But absent an investigation, the swiftboat veterans’ charges are no less a smear campaign than the Kerry-inspired media frenzy into whether or not George Bush attended every National Guard meeting before being honorably discharged.

In the Bush National Guard controversy, the absence of evidence was deemed by the media to be evidence of being absent without leave. Then Terry McAuliffe’s charge that “George Bush was AWOL from the National Guard” was quoted – verbatim without comment – in every major newspaper in the country.

Scores of reporters demanded White House spokesman Scott McClelland prove George Bush’s military service was completed. They said his honorable discharge was insufficient evidence.

The fact one of Bush’s commanders couldn’t remember him was widely touted as proof positive that he failed to attend National Guard meetings in Alabama.

But the testimony of Adm. Roy Hoffman that Kerry “just outright lied” about his military service is dismissed as part of a Republican organized smear campaign.

The Swift Boat Veterans for Truth are invariably described as being “Republican-funded” – but Moveon.org (funded by long-time Democratic contributor and billionaire George Soros) is described as “a liberal advocacy group.”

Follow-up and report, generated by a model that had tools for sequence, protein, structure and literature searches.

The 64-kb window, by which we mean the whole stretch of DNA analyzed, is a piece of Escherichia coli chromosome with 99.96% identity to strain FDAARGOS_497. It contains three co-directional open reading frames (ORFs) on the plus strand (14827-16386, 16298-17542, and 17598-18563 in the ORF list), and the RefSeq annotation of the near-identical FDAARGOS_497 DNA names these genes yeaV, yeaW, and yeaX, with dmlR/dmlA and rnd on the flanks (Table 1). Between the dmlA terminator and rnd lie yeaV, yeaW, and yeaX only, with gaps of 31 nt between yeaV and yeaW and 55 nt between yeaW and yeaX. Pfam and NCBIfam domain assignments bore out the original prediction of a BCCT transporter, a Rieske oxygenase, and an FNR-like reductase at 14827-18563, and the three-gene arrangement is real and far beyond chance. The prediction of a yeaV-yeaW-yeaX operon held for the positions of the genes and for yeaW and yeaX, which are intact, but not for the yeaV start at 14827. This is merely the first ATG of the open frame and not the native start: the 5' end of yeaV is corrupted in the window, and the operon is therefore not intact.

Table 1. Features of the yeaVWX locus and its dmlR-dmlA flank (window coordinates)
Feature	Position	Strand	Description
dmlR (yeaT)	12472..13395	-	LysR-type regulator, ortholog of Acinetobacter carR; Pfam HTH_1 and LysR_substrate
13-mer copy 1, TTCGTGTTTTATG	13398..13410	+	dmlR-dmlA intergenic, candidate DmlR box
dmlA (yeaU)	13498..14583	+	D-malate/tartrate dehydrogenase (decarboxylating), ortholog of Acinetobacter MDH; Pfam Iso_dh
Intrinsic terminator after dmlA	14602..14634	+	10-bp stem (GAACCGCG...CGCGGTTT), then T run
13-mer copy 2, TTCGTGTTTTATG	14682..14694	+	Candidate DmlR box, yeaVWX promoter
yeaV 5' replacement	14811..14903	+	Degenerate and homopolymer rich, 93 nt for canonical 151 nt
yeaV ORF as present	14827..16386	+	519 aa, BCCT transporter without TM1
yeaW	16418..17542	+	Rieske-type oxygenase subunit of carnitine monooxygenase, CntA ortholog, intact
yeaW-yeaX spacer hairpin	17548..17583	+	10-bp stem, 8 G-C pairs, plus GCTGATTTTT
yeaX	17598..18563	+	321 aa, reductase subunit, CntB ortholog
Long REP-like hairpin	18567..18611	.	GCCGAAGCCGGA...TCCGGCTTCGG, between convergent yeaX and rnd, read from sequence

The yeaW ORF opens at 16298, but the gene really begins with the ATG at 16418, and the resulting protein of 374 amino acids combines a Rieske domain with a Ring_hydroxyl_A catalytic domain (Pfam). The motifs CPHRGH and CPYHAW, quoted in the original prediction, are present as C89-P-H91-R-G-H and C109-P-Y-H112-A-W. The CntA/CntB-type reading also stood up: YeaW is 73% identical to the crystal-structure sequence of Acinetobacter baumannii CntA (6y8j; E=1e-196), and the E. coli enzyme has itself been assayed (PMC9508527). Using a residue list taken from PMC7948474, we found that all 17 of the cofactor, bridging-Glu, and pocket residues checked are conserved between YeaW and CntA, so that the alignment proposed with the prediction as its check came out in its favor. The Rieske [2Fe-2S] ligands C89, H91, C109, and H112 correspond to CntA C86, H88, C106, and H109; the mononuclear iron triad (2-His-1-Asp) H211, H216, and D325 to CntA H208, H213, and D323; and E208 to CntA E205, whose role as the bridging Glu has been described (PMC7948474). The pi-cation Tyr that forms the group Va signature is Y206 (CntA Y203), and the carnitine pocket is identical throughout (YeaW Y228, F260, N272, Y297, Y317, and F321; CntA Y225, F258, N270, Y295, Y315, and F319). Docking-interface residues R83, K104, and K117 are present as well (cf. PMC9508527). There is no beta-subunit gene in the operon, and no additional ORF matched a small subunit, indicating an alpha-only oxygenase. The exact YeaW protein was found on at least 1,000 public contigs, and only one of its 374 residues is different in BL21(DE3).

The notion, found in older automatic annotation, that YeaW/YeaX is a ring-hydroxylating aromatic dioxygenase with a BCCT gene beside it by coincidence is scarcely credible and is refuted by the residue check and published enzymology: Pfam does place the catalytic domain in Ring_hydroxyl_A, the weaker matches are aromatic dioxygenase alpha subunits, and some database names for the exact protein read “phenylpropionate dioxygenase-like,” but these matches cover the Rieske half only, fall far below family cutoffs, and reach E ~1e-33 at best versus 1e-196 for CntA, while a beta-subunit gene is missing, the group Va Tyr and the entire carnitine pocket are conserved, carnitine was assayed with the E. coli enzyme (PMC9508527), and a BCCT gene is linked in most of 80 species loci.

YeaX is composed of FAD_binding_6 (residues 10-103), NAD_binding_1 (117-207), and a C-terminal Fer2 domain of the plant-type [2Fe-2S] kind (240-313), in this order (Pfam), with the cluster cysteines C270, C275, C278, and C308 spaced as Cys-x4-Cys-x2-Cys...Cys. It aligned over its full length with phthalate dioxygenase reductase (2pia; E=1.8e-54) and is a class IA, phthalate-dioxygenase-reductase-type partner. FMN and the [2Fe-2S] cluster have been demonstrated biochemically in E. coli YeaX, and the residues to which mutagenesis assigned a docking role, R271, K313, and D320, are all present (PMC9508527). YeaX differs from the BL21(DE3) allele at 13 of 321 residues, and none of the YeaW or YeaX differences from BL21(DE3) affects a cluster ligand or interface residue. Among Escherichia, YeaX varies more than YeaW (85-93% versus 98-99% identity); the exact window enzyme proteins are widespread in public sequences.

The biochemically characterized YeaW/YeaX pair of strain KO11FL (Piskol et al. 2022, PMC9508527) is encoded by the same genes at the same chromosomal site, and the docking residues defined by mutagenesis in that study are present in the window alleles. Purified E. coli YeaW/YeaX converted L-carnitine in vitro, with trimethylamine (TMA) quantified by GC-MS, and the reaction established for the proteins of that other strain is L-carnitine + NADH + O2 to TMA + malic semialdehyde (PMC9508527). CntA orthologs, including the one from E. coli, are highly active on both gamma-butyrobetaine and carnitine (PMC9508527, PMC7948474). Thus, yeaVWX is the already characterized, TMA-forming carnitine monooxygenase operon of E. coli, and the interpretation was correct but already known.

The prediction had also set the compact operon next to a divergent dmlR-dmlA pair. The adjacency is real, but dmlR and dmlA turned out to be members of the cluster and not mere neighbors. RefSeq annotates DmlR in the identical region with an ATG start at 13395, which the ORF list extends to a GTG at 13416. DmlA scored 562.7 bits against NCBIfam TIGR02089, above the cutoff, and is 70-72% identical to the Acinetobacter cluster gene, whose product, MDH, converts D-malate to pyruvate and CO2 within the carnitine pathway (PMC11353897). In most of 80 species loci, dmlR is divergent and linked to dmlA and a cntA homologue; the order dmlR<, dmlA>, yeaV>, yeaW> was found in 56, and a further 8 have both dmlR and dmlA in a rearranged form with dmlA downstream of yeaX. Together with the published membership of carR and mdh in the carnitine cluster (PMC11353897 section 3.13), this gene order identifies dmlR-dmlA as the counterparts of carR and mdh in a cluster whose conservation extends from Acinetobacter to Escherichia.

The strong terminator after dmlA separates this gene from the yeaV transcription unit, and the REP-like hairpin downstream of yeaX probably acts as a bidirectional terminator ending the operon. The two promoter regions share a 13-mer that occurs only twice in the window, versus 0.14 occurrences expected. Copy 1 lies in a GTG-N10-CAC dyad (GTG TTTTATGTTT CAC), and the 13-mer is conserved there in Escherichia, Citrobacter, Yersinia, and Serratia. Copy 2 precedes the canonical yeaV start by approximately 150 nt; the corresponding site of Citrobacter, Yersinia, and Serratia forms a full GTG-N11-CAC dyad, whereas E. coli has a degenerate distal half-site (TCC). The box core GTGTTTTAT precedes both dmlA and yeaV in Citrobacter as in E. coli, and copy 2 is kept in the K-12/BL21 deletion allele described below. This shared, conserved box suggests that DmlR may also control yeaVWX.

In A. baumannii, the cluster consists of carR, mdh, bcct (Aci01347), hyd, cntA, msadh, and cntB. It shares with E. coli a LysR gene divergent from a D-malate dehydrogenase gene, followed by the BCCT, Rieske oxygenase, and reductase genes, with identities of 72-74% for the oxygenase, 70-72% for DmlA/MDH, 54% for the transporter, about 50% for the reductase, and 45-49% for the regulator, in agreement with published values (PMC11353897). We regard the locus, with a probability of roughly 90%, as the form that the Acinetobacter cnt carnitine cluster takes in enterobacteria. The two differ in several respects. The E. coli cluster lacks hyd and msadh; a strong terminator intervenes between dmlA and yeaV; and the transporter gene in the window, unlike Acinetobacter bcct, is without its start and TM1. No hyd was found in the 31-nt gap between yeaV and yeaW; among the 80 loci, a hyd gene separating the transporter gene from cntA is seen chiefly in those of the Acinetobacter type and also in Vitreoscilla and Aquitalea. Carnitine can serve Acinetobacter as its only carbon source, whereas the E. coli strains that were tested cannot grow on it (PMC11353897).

Whether or not Kerry lied about being in Cambodia in December 1968 is not “quibbling over details,” especially since John Kerry himself is the one who made it the centerpiece of his campaign.

John Kerry is either a war hero, or he is a liar. And if he is a liar, he is not just a run-of-the-mill liar. He would be a blatant, shameful liar who slandered the men with whom he served in order to attain power.

Was the Cambodia excursion “seared” in his memory? Or was it a self-serving figment of his imagination? Shouldn’t the media investigate this with at least half the fervor did concerning George Bush’s National Guard Service? But this issue cannot just be forgotten and swept under the rug.

John Kerry himself did not leave that option open to us.